Author ORCID Identifier

https://orcid.org/0000-0001-5432-9133

Year of Publication

2020

Degree Name

Master of Science (MS)

Document Type

Master's Thesis

College

Education

Department

Kinesiology and Health Promotion

First Advisor

Dr. Haley Bergstrom

Abstract

This study determined if plate movement during conventional deadlifting affects critical resistance (CR) estimates derived from the linear work limit (Wlim) versus repetitions relationship. Eleven subjects completed 1-repetition maximum (1RM) deadlift testing followed by 8 visits, to determine the number of repetitions to failure at 50%, 60%, 70%, and 80% 1RM for both reset (RS) and touch-and-go (TG) methods, respectively. The CR was calculated as slope of the line of total work completed (repetitions × load [in kilograms]) versus total repetitions for each of four intensities (50-80% 1RM). The number of repetitions to failure were determined at CRRS and CRTG. The kg values andrepetitions to failure at CRRS and CRTG, as well as total repetitions at each intensity (50-80%) for each method (RS and TG) were compared using paired-samples t-tests and simple linear regression. There were no significant mean differences in kg values (mean difference = -0.4 ± 7.9 kg, p = 0.856, 95% CI = -5.8 – 4.9 kg, d = -0.028), %1RM (mean difference = -1.2% ± 5.6%, p = 0.510, 95% CI = -4.9 – 2.6%, d = -0.234), or total repetitions completed (mean difference = 2.8 ± 15.7 reps, p = 0.565, 95% CI = -7.7 – 13.4, d = 0.188) for CRRS and CRTG. There was a significant correlation between CRRS and CRTG kg resistance (r = 0.888, p < 0.001). These findings indicated that plate movement did not affect mean estimation of CR or number of repetitions completed at submaximal loads. Thus, the estimates of CR from the modeling of total work versus repetitions were relatively robust to variations in deadlifting methodologies. However, individual variability (wide range in difference scores) in kg values and repetition to failure at CRRS and CRTG indicated that deadlifting methods may differ in anatomical region of fatigue.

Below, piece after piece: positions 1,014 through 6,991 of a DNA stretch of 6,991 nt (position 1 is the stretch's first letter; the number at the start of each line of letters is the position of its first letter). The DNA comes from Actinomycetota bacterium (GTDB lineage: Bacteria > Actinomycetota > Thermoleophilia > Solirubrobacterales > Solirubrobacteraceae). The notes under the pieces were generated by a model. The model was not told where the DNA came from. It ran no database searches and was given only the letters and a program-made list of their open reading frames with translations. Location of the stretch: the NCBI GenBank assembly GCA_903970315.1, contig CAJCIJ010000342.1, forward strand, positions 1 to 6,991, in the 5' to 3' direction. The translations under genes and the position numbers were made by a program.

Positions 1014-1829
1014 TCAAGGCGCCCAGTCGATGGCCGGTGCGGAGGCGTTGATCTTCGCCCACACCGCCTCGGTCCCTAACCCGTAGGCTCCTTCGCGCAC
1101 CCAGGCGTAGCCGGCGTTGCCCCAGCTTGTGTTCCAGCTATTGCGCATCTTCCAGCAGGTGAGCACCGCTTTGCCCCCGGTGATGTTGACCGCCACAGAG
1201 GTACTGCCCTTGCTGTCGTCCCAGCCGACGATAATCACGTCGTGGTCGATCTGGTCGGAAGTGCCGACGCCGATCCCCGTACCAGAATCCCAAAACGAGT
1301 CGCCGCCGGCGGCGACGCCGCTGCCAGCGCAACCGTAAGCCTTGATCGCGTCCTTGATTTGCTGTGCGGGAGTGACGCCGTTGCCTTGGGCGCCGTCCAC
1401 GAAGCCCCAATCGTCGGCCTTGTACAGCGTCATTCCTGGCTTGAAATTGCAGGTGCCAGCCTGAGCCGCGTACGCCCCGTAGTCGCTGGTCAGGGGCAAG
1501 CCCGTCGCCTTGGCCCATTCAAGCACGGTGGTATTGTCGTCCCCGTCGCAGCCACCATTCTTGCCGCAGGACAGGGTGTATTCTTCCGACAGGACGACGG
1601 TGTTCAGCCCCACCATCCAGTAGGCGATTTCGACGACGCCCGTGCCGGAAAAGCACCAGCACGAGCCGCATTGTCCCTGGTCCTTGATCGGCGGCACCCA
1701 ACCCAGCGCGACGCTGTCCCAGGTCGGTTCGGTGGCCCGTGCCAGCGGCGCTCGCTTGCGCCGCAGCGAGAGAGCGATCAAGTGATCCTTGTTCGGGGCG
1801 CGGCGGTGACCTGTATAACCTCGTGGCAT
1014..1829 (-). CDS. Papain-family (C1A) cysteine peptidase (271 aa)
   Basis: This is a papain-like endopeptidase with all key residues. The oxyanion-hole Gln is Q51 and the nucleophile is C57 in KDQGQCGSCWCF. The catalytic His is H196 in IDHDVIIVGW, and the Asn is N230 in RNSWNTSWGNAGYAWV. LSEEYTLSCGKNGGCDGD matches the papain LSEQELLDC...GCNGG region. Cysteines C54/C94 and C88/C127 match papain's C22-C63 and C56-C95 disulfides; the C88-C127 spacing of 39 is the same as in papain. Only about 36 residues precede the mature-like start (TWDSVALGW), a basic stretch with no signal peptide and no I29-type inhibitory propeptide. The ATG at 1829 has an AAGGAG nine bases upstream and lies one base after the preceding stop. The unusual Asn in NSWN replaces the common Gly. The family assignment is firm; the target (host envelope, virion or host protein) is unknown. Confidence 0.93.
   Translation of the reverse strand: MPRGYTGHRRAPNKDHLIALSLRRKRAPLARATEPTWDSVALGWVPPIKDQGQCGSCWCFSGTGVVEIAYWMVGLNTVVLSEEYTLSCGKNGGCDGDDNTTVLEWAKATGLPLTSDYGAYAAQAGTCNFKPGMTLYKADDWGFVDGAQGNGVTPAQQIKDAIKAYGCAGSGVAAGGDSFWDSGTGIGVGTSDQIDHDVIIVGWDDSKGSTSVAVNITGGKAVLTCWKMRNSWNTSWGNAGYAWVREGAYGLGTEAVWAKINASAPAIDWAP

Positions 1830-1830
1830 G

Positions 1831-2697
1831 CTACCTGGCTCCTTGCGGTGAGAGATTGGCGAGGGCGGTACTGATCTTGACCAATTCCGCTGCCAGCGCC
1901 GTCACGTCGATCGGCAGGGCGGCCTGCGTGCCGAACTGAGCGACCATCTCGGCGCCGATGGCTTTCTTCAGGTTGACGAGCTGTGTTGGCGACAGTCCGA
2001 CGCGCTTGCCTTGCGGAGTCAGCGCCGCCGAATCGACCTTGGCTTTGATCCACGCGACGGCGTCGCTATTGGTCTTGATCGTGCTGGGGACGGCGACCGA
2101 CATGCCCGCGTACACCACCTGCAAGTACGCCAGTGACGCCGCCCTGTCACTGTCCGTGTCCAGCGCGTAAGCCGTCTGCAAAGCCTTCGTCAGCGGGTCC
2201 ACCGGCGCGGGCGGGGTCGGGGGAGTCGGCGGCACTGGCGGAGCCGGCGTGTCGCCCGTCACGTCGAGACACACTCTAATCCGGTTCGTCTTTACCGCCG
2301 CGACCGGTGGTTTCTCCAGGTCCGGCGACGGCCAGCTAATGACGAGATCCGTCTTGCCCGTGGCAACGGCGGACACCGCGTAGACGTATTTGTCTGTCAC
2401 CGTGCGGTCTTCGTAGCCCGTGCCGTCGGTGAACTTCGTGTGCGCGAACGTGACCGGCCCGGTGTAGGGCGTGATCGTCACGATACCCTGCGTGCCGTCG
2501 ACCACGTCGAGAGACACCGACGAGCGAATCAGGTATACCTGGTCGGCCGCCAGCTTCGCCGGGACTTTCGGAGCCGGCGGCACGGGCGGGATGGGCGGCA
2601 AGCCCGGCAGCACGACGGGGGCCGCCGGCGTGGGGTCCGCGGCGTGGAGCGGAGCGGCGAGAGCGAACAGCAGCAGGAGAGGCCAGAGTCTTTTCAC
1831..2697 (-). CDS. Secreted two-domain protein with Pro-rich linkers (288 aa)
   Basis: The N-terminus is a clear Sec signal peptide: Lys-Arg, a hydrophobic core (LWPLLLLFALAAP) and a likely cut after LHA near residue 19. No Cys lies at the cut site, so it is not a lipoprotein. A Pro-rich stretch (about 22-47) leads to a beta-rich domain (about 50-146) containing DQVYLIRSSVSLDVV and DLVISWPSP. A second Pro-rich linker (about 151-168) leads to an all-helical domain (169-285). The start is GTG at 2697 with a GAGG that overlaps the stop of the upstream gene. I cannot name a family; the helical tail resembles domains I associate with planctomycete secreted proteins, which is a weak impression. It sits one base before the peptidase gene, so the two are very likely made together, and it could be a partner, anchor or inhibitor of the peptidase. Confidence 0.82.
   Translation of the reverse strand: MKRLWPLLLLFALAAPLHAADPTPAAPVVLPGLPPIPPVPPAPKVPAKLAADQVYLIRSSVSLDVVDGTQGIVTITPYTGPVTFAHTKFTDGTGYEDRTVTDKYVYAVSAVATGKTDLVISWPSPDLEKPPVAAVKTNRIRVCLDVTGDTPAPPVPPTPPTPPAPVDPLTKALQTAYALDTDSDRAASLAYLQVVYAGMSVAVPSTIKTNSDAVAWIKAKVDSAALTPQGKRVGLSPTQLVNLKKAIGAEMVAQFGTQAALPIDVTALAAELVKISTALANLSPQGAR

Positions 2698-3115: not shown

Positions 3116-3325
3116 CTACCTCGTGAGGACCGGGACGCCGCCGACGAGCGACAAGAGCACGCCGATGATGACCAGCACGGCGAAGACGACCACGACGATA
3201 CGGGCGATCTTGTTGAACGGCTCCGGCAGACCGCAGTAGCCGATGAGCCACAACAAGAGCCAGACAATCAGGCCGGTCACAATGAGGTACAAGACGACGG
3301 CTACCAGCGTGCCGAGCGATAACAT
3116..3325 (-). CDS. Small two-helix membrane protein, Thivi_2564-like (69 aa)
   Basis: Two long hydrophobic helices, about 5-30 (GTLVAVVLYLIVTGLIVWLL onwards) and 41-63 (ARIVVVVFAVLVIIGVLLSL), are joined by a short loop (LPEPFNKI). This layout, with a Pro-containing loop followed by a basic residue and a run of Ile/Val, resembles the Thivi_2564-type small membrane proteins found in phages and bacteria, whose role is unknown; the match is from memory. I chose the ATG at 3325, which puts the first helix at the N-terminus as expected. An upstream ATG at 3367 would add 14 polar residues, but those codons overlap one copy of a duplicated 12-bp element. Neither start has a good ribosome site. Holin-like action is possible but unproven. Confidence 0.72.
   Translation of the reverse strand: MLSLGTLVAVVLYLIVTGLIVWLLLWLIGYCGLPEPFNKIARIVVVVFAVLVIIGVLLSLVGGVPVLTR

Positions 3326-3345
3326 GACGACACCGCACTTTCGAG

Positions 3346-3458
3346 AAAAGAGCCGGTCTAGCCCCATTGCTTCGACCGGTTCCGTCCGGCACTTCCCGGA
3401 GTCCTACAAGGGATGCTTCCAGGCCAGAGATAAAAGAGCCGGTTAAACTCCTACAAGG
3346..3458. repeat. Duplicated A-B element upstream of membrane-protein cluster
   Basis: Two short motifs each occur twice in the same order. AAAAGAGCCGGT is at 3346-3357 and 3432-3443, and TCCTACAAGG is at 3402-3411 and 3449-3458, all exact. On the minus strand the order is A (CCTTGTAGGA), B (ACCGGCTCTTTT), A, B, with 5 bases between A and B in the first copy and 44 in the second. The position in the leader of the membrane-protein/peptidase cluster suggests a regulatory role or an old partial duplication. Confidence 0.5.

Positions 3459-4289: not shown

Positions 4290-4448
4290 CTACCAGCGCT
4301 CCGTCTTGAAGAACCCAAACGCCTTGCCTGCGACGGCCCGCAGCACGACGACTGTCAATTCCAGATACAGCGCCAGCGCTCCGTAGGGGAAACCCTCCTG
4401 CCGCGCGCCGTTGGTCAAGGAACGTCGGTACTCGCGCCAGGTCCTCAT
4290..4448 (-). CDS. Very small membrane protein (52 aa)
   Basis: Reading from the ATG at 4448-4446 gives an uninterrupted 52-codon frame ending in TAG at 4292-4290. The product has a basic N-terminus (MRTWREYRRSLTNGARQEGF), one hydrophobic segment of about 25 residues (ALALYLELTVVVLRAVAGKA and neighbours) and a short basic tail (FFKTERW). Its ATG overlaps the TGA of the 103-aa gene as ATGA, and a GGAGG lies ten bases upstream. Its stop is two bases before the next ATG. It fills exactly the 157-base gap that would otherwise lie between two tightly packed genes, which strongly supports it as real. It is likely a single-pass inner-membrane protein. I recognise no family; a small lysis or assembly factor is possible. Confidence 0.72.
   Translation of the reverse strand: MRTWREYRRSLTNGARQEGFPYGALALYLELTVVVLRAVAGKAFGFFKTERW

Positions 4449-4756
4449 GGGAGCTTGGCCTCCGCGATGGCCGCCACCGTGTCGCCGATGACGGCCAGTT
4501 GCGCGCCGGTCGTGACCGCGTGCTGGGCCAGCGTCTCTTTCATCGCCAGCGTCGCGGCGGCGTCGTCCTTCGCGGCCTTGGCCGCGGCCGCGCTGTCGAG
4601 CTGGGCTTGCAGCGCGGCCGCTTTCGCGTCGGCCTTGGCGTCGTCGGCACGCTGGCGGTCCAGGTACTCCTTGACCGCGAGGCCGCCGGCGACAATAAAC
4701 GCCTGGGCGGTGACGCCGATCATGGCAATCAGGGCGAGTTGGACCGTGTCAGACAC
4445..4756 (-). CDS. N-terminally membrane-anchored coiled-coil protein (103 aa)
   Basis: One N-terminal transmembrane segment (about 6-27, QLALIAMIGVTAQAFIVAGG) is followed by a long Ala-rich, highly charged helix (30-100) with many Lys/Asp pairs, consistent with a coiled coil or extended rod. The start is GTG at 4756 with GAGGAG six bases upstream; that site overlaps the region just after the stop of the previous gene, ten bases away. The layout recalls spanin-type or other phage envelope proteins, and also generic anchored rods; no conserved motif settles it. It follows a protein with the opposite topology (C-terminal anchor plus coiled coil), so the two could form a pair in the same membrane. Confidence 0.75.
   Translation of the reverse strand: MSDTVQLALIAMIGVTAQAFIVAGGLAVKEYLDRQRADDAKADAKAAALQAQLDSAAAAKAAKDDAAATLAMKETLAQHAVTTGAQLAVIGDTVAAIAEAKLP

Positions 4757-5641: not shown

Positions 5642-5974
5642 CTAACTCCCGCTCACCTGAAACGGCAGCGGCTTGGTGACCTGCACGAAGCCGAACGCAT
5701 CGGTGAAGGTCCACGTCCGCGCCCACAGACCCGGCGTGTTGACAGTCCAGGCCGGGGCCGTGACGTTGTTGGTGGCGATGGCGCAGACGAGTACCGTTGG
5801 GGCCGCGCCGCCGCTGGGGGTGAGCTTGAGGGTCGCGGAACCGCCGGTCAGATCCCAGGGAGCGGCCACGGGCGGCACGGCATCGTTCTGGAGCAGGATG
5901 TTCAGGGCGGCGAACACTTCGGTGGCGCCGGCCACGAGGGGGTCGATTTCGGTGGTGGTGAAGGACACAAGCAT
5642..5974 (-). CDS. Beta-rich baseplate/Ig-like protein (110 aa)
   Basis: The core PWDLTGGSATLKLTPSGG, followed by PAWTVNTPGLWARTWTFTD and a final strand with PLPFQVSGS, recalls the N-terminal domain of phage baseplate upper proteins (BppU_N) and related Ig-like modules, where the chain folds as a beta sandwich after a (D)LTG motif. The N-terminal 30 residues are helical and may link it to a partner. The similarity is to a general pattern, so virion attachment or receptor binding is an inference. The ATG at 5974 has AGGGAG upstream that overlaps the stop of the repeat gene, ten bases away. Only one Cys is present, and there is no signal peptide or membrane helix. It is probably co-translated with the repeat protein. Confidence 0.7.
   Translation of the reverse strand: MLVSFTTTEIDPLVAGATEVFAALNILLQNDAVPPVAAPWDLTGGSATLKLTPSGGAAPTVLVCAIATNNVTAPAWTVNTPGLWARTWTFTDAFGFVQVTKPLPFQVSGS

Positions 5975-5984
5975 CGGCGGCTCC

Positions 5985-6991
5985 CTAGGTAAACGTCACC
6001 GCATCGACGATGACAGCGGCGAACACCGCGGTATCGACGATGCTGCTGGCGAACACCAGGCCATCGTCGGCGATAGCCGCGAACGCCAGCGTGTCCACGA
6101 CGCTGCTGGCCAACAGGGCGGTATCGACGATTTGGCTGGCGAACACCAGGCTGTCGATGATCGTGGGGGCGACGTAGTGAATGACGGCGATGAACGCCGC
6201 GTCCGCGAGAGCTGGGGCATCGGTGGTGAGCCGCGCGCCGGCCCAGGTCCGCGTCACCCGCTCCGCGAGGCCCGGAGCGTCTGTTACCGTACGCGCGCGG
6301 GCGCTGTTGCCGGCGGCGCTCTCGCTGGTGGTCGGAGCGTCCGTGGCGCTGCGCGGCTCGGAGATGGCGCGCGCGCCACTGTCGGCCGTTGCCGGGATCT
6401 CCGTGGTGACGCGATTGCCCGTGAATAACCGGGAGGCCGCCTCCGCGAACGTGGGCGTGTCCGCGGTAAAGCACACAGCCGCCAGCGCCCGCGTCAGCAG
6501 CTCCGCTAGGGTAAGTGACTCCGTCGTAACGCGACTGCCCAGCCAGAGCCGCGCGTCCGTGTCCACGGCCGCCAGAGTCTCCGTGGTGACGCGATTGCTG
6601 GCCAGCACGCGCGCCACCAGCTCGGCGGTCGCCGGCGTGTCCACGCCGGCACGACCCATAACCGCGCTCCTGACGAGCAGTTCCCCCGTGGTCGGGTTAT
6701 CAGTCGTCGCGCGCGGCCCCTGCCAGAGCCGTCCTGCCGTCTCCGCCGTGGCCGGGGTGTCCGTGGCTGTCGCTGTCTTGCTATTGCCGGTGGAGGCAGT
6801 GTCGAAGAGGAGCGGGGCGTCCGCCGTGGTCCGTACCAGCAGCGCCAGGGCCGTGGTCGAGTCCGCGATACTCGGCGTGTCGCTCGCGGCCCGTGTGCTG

Digital Object Identifier (DOI)

https://doi.org/10.13023/etd.2020.071

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